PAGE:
Donny Gluckstein

Their democracy or ours?

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Donny Gluckstein looks at what democracy means under capitalism - and our alternative

Democracy is today's all-popular buzzword, beloved alike of mainstream politicians, the Arab revolutionaires, and young people protesting in Spain. For people like David Cameron democracy means a parliament which gives rein to the tyranny of market forces, and the grotesque inequalities that brings. Those facing poverty and unemployment expect the opposite of this democracy - freedom from want, and a just society.

R is for Revolution

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"Bliss was it in that dawn to be alive, but to be young was very heaven!" English poet William Wordsworth's reaction to the fall of the Bastille in 1789 conveys the exhilaration of those precious moments when the masses overthrow an old society and build a fresh one.

Such events must be distinguished from superficial change. Under capitalism there is a constant turnover of rulers, technology, family structures and ideas. The microchip has superceded the spinning jenny; Barack Obama follows George Bush; even the banks are nationalised - but capitalism continues. Revolution means change at the most fundamental level. States are transformed, ruling classes are replaced by new ones, production and distribution are radically altered. Nothing stays the same.

Crime: Capital's Punishment

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Politicians and the media have whipped themselves up into a frenzy over the question of crime, and the solutions they put forward involve ever more draconian measures. Donny Gluckstein discusses why inequality, desperation and alienation are key to understanding why capitalism is the primary cause of criminal behaviour.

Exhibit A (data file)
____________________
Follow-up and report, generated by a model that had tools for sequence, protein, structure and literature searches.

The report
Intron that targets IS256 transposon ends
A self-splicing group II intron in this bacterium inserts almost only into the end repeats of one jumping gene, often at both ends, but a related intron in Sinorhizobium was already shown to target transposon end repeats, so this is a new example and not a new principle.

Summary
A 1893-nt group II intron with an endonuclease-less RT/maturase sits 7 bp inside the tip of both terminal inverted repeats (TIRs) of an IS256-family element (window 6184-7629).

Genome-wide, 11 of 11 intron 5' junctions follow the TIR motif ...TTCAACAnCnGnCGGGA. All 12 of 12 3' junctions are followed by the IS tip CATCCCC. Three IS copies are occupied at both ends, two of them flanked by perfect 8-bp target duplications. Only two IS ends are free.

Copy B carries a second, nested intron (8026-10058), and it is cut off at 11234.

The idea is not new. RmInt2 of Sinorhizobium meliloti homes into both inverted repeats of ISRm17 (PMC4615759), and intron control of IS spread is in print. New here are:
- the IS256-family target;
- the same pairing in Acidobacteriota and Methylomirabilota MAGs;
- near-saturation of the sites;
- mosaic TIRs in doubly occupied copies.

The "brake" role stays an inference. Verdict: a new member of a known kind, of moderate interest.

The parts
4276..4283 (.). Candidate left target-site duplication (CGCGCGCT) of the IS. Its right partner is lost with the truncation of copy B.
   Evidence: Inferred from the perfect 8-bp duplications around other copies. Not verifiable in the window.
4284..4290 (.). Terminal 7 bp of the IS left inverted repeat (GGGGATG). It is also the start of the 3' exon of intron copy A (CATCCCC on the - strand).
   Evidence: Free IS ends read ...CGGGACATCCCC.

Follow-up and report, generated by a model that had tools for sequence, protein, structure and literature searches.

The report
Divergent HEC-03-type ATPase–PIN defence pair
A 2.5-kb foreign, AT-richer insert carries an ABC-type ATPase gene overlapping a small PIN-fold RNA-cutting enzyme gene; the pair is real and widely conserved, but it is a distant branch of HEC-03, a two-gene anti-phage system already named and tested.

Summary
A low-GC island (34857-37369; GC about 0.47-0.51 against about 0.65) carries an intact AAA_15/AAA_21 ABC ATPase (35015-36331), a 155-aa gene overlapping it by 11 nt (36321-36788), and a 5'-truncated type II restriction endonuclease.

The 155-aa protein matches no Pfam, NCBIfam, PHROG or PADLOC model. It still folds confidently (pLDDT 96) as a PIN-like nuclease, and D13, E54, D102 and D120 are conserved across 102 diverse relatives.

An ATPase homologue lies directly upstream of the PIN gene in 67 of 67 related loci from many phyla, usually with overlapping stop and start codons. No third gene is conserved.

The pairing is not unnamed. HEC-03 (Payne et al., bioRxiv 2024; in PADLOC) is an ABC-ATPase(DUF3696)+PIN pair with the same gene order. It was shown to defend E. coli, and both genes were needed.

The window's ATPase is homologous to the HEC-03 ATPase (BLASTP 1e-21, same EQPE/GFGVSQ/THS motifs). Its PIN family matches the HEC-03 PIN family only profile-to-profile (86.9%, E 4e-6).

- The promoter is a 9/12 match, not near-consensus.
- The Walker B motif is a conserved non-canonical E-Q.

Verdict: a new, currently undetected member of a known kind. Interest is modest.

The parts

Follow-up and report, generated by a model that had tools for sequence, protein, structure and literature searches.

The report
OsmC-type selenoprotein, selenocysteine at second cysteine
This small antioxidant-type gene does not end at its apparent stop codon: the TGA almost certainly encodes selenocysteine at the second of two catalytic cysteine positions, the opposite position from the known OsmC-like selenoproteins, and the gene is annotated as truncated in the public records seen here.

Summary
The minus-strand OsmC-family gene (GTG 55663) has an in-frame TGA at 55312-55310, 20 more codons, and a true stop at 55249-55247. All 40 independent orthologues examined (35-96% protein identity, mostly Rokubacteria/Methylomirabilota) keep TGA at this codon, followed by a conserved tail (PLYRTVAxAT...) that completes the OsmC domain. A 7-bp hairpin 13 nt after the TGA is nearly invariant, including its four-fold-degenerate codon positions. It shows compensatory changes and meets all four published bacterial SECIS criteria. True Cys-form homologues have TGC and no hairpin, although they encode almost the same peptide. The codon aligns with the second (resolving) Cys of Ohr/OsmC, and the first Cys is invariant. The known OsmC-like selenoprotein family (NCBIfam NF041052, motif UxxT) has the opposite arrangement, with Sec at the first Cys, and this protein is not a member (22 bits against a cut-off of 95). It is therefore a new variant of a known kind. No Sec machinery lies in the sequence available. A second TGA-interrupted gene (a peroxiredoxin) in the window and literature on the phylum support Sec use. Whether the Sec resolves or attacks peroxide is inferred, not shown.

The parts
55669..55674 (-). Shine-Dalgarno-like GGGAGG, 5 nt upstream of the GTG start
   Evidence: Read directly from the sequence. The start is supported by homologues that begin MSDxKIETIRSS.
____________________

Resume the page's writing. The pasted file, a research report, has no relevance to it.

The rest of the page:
Britain is now one of the most unequal countries in the world. A recent report on boardroom pay reveals that the average salary of a top executive is 115 times greater than the average wage and a staggering 249 times the national minimum wage. There is now a mass of statistical data that shows that the bigger the gap between the richest and the poorest in a country, the higher the levels of crime, ill health and societal breakdown.

Mental State

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Review of 'Occupied Minds', Arthur Neslen, Pluto Press £16.99

This is an extraordinary but terrifying book. It consists of interviews with some 50 Israelis from an incredibly diverse range of backgrounds - secret servicemen and those who risked their lives supporting Palestinians, rabbis and secularists, racists and those who have married Arabs, and many more. Topics discussed range from the status of Yiddish to the treatment of gays, Kabbalistic theology to the rock scene, the Holocaust to football.

Speech, Applause, Speech

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Review of 'Old Labour to New', Greg Rosen, Politico's £30

This book claims to be a history of Labour but is more like TV shows called 'The Hundred Greatest Films, Love Songs', etc. It is a compendium of the 'Hundred Greatest Labour Party Speeches'. As a reference work for the rhetorical prowess of prominent Labour figures from Keir Hardie onwards it is unsurpassed. All the classics are there - Nye Bevan in full flow, Wilson calling up the 'white heat of the technological revolution,' Kinnock at his most verbose - and not just as soundbites but full renditions, sometimes occupying three or four closely typed pages.


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